For its eight-year history, Centennial’s unofficial population has been 103,000. That could potentially change next year when the federal …
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For its eight-year history, Centennial’s unofficial population
has been 103,000. That could potentially change next year when the
federal government conducts the first U.S. census since the city
was incorporated in 2001.
The number of citizens who call Centennial home is more than a
matter of fleeting curiosity for the burgeoning city. Its official
population can affect everything from the funding the city receives
from the federal government to its representation in Congress and
the Colorado General Assembly.
For those reasons, the city government is preparing to launch
“Centennial Counts,” a multi-pronged public-relations campaign to
encourage residents to complete and return census questionnaires
Sherry Patton, Centennial’s communications director, outlined
the planned effort and explained its importance to the city council
on Nov. 16
“Sometimes there are groups of individuals who for whatever
reason are afraid to be counted, or are against the census,
whatever,” she said. “Our hope is we can make sure that generally
people understand that [the census] is important for the people of
The second largest city in Arapahoe County and one that is
presumed to be the 10th largest in the state is particularly
interested in maintaining its estimated population of 103,000.
Cities with 100,000 residents or more are eligible for a variety of
entitlements, including an energy-efficiency community block
“We have many state and federal funding opportunities that are
based upon population. So the more people we have, obviously, the
more money that can come to us,” Patton said.
A population of more than 100,000 also gives Centennial a seat
on the executive board of the Denver Regional Council of
Governments and the ability to serve on its transportation advisory
To help spread the word, Centennial will initiate “Centennial
Counts” after the first of the year. Targeted media is likely to
include print advertising, community newsletters, bus-bench
advertising and the city Web site.
“We hope to have some surveys and some gimmicks to get people to
keep coming back to that [Web] page just to have a little fun and
gather information,” Patton said.
A secondary hope of the campaign is that it may assist in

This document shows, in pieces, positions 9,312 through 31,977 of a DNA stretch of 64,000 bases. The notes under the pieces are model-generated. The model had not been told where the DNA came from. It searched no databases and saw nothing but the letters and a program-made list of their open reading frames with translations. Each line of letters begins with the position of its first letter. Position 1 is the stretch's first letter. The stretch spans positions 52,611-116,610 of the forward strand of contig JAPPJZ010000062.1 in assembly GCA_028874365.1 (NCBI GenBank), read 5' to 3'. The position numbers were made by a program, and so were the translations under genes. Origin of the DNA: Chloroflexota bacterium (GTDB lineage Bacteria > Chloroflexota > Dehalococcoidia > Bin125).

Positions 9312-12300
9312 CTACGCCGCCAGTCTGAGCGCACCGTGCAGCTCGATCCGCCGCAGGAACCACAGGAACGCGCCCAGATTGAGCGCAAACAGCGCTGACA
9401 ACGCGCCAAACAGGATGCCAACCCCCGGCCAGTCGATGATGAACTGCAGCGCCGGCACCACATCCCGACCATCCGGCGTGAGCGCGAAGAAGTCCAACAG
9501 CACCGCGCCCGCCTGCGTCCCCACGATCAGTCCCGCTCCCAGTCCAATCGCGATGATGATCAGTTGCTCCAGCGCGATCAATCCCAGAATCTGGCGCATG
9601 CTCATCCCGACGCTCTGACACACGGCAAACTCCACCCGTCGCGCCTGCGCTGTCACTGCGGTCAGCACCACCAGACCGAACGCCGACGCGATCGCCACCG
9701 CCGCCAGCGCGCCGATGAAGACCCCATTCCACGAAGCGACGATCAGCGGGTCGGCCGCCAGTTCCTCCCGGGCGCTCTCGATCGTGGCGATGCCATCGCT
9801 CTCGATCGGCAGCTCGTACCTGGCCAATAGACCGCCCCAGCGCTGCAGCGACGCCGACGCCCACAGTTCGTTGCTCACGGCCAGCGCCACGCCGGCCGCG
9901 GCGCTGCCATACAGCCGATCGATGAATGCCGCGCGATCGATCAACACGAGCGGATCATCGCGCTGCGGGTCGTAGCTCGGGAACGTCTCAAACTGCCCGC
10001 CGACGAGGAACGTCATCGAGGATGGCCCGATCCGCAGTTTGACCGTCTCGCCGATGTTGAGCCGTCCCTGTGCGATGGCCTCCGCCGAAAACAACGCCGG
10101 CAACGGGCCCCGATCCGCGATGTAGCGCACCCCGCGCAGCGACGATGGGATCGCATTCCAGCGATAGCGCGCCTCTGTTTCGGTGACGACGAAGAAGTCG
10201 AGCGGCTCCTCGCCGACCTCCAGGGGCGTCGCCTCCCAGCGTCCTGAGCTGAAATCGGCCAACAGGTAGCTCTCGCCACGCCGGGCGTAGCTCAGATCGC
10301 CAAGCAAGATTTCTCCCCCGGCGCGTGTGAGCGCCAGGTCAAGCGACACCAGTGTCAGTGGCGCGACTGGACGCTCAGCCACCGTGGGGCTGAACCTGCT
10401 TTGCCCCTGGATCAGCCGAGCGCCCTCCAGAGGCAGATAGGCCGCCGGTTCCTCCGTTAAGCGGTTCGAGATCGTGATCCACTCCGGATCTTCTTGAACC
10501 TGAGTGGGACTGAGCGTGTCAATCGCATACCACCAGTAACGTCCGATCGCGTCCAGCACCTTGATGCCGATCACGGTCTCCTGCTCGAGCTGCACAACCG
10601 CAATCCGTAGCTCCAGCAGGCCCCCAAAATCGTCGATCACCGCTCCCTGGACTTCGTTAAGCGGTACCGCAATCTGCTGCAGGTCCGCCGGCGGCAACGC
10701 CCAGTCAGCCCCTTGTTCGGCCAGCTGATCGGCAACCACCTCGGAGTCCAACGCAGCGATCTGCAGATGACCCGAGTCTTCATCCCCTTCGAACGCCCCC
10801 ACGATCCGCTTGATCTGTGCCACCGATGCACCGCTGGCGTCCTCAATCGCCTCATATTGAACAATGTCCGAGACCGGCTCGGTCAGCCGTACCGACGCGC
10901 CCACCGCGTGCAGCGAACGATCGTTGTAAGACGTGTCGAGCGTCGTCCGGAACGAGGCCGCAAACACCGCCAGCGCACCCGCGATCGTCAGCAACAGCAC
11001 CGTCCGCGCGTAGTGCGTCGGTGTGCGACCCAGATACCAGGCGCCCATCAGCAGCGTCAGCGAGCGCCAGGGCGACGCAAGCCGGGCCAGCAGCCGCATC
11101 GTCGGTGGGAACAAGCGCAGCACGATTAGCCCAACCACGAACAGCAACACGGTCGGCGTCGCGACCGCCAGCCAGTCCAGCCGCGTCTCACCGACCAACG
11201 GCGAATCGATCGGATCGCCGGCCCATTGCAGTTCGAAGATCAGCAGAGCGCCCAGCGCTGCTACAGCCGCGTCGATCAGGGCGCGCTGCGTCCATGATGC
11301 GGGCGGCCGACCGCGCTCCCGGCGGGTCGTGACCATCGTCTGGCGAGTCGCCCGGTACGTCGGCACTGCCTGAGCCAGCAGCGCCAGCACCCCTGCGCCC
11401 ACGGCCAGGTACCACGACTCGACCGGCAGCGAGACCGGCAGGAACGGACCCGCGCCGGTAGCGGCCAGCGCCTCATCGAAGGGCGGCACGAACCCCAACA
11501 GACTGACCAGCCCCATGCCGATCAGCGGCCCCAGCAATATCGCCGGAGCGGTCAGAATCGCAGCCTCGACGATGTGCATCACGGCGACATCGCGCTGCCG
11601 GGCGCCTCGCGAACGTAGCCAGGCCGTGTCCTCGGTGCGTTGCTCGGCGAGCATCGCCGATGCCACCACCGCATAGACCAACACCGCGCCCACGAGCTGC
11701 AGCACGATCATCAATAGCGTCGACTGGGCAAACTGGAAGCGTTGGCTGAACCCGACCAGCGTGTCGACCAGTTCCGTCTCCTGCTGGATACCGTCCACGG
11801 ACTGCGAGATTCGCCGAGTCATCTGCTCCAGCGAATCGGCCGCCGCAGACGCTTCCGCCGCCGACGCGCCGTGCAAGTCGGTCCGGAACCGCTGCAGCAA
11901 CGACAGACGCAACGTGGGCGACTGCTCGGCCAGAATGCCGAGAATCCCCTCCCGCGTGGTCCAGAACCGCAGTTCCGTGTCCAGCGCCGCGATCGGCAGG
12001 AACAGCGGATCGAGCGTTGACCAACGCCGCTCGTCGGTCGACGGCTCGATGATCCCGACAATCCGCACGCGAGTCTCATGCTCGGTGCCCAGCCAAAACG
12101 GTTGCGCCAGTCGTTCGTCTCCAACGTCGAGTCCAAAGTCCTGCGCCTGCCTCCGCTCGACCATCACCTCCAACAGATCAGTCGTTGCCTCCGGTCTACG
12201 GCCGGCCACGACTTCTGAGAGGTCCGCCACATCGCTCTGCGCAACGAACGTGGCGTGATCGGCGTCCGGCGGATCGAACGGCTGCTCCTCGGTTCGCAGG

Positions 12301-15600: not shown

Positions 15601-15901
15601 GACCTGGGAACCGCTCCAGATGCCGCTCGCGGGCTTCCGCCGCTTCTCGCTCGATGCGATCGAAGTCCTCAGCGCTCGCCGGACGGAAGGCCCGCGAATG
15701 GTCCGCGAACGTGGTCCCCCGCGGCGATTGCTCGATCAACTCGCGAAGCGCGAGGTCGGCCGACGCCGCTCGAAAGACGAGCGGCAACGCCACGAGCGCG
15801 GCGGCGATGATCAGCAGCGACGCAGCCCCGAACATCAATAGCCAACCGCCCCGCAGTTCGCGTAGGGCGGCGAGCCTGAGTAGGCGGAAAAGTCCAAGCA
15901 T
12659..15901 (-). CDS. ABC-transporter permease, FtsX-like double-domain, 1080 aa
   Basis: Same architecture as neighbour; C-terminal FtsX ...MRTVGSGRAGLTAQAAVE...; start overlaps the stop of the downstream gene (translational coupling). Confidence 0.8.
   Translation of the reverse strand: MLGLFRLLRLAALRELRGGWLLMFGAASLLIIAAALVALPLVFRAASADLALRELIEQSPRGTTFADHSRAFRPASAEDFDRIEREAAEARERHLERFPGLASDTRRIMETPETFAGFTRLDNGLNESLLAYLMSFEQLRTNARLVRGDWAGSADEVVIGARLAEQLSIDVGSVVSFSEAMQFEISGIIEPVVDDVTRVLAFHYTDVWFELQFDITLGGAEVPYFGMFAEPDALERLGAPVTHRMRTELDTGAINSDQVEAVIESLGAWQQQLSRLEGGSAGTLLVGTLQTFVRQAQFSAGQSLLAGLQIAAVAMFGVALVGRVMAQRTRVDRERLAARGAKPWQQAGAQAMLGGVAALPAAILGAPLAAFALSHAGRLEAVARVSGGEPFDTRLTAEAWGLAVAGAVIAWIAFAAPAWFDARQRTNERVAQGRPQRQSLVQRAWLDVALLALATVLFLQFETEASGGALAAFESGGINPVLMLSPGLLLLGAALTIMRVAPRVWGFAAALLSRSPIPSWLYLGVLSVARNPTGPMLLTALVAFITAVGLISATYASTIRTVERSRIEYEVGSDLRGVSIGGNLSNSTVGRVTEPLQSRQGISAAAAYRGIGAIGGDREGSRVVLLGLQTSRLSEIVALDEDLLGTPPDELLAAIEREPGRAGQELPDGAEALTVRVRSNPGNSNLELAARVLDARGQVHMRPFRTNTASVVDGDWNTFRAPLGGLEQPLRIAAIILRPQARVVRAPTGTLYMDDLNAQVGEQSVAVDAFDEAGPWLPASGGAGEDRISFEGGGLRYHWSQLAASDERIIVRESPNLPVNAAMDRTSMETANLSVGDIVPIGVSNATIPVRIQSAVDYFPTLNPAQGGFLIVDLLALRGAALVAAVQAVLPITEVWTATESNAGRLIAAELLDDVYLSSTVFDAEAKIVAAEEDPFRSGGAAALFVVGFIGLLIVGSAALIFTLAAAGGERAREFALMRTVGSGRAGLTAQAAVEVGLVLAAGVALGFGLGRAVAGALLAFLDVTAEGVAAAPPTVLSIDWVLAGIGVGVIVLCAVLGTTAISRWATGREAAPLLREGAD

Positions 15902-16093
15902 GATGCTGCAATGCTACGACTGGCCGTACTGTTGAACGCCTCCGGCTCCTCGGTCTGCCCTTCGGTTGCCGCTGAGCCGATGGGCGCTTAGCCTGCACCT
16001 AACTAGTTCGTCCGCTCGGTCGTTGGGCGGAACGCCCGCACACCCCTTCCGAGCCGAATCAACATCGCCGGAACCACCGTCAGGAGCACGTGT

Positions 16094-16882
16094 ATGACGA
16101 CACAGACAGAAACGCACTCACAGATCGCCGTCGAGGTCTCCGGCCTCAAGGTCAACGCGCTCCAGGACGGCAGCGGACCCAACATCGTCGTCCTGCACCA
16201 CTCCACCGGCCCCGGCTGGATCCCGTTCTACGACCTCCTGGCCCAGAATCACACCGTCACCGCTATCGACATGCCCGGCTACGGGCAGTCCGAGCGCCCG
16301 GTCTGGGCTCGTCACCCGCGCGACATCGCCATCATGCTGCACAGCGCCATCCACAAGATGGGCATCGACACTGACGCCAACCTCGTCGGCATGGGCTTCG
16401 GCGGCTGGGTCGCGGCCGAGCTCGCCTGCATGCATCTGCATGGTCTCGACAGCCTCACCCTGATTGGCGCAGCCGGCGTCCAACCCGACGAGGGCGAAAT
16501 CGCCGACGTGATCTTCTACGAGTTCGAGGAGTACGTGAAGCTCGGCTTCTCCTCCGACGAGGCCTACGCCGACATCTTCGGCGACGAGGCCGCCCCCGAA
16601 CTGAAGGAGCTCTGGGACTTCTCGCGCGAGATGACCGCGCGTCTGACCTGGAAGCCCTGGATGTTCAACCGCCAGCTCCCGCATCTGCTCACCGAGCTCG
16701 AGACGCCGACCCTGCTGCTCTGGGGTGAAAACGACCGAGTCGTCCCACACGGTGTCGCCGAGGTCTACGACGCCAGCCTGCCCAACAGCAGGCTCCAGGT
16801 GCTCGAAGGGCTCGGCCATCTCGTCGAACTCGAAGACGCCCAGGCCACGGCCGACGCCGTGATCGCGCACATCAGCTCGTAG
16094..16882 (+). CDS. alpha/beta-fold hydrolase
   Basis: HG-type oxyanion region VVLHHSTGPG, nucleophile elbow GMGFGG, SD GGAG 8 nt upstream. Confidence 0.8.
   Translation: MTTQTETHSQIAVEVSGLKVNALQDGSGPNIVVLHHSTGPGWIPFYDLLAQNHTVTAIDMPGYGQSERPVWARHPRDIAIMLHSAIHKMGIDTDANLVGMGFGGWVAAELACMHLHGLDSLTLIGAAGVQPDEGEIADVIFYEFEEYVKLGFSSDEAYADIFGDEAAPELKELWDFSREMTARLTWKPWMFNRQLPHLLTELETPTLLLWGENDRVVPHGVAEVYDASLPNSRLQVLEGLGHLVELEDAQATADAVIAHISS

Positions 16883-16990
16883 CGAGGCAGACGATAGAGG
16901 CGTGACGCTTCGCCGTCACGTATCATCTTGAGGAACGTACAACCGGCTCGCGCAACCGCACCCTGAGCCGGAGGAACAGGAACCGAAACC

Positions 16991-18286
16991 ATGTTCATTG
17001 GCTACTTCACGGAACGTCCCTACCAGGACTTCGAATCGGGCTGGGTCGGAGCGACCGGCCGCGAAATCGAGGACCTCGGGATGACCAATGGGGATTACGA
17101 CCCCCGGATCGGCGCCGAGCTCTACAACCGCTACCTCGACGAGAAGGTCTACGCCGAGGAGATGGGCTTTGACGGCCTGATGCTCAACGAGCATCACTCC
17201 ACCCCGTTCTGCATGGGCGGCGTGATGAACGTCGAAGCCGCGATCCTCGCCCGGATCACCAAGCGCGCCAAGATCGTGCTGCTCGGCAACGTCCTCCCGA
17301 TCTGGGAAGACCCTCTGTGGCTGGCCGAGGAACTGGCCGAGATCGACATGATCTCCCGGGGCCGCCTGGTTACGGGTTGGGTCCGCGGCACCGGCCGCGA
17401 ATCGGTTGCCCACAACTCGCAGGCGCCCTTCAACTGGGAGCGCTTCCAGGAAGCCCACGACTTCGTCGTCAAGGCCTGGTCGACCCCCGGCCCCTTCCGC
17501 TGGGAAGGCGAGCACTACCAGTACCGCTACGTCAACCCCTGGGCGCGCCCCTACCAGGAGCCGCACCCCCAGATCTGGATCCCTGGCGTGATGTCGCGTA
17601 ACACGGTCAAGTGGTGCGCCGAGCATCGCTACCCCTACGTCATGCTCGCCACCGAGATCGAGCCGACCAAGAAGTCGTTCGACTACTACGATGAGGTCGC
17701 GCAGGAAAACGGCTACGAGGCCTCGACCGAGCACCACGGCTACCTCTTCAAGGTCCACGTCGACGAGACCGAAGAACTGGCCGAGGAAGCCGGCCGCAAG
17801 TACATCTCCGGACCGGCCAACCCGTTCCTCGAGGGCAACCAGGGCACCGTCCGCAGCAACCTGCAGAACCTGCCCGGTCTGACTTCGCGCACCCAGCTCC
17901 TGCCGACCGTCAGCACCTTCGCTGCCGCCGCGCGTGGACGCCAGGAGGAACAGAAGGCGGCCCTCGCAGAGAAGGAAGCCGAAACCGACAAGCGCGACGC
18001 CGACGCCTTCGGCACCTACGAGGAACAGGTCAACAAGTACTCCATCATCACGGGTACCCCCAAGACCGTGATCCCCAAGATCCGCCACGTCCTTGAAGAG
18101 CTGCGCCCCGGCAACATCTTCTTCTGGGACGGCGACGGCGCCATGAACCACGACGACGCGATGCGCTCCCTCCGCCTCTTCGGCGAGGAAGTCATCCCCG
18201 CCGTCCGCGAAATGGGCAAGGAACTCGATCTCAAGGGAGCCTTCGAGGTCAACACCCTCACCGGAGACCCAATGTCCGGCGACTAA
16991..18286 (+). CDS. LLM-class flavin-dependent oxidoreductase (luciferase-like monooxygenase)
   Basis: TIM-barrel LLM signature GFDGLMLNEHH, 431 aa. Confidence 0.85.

Centennial’s overall efforts to foster identity and community
awareness in the largely “invisible” city crafted from
unincorporated Arapahoe County eight years ago.
Image and profile issues have presented challenges in areas
ranging from misdirected sales-taxes to residents unaware that they
live in Centennial and use Littleton, Aurora or Englewood mailing
“[With a high population], the post office will consider us more
seriously in the future in terms of actually finding people who
live in Centennial,” Patton said.
A special logo has been created for the marketing campaign. Its
slogan is “Centennial Counts 2010: Stand Up and Be Counted.”
City council members and city staff will be provided talking
points, handouts and PowerPoint materials to use at citizen
meetings and other events.
The campaign will take several forms and will emphasize diverse
photos of Centennial residents. The message will boil down to this,
according to Patton: Every person counted means more money for such
things as roads and senior services.
“Centennial Counts” is one of several recent city actions
surrounding the upcoming census. On Nov. 23, the council
unanimously approved an annexation, hastening action to ensure that
the new city population will be in place in time for the census. On
Nov. 16, Mayor Randy Pye issued a proclamation “recognizing the
importance of the 2010 census.”
Much of the cost of the campaign is likely to be reimbursed by
the U.S. Census Bureau through federal grants, Patton said.
The U.S. census has been conducted every 10 years since 1790 as
required by the Constitution. The previous one was completed in
2000, the year Centennial residents voted to incorporate. It did
not officially become a city until 2001.
The 2010 census will consist of 10 questions and is expected to
take about 10 minutes to complete. The form will be mailed to
households next March and should be mailed back to the Census
Bureau by April 1.
Unlike previous years, the 2010 Census will use only a
short-form asking basic questions, such as name, gender, age, date
of birth, race, ethnicity and relationship, and housing status.
In the past, some citizens have received a longer form, which
prompted privacy concerns from those asked to provide more detailed
Between April and July, census workers will visit households
that did not return census forms.
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